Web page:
Andrew Chen (The Cold Start Problem: How to Start and Scale Network Effects)
Travis would regularly say to the product teams, “Product can solve problems, but it’s slow. Ops can do it fast.” As a result, Uber saw itself as an “ops-led” company, and it was this team that best embodied the startup’s entrepreneurial and creative culture. The hustle within the Ops team was renowned, and one of the foundational elements of Uber’s success.
Andrew Chen (The Cold Start Problem: How to Start and Scale Network Effects)
Boardsi provides a web-based network that brings the best-matched executives to the attention of companies searching for the right talent to meet their needs.
Social Networking Tool #1: Decide who you want to meet Before attending an event, decide WHO you will meet there. Examples of people you might want to meet would be: A gallery owner that you’ve been trying to get a meeting with. An art collector. Influential art dealer or broker. Your area’s best interior designer. An artist that you admire. Licensing manager of a large company you wish to work with. Anyone you want to connect with personally. Write a list of the names of at least three people you wish to meet at the event. If you don’t know names, then write down the types of people.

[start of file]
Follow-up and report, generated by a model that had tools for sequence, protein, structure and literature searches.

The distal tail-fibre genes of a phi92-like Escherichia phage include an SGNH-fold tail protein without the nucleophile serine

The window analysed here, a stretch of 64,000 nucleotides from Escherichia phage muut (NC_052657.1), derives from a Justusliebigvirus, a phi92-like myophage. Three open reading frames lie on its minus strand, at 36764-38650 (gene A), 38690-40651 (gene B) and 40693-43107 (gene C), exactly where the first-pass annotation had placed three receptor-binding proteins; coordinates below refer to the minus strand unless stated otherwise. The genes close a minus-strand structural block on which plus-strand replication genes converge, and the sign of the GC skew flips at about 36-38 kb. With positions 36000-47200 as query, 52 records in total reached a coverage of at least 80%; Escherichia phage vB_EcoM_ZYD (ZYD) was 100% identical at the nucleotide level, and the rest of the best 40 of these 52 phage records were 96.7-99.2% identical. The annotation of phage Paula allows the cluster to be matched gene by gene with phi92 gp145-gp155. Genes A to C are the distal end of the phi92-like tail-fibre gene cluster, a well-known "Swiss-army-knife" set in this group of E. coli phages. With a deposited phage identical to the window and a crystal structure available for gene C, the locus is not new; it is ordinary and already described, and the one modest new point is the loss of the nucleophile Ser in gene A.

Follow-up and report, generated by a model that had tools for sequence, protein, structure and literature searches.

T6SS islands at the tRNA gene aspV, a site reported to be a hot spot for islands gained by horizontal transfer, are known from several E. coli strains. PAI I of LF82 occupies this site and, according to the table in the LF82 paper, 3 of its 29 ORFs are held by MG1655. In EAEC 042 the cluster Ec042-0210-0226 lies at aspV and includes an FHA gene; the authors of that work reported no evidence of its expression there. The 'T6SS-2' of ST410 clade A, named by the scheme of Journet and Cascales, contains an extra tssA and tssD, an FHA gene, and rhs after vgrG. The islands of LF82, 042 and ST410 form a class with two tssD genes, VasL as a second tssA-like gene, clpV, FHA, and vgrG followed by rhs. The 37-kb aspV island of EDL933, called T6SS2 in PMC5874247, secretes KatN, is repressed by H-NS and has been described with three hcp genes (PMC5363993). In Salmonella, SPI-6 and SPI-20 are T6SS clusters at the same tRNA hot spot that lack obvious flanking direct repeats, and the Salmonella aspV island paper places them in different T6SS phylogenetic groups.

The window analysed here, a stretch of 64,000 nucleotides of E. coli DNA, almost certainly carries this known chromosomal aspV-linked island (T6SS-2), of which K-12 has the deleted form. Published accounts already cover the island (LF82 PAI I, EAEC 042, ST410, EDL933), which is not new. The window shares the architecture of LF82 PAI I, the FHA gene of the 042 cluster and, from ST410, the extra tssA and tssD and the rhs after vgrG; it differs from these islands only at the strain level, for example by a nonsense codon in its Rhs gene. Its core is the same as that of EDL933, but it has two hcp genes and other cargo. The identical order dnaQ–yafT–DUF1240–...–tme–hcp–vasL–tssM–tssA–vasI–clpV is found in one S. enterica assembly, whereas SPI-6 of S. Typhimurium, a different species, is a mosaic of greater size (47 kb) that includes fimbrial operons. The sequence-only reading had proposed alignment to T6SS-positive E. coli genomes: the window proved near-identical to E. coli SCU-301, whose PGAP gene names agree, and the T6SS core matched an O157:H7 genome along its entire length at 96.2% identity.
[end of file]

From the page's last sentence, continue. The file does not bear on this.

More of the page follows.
Maria Brophy (Art Money & Success: A complete and easy-to-follow system for the artist who wasn't born with a business mind.)
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First Date Small Talk •It’s great to see you again. I’m so glad you were able to ______with me tonight. •So tell me a little bit about yourself: who was your best friend growing up, how do you celebrate your favorite holiday, what do you eat for lunch? •Did you go away to college? •Where does your family live? •I have five brothers and six sisters. How about you, do you have any siblings? •What brought you to this city? •Do you have any pets? Hobbies? Favorite activities during this season of the year?
Debra Fine (The Fine Art of Small Talk: How to Start a Conversation, Keep It Going, Build Networking Skills and Leave a Positive Impression!)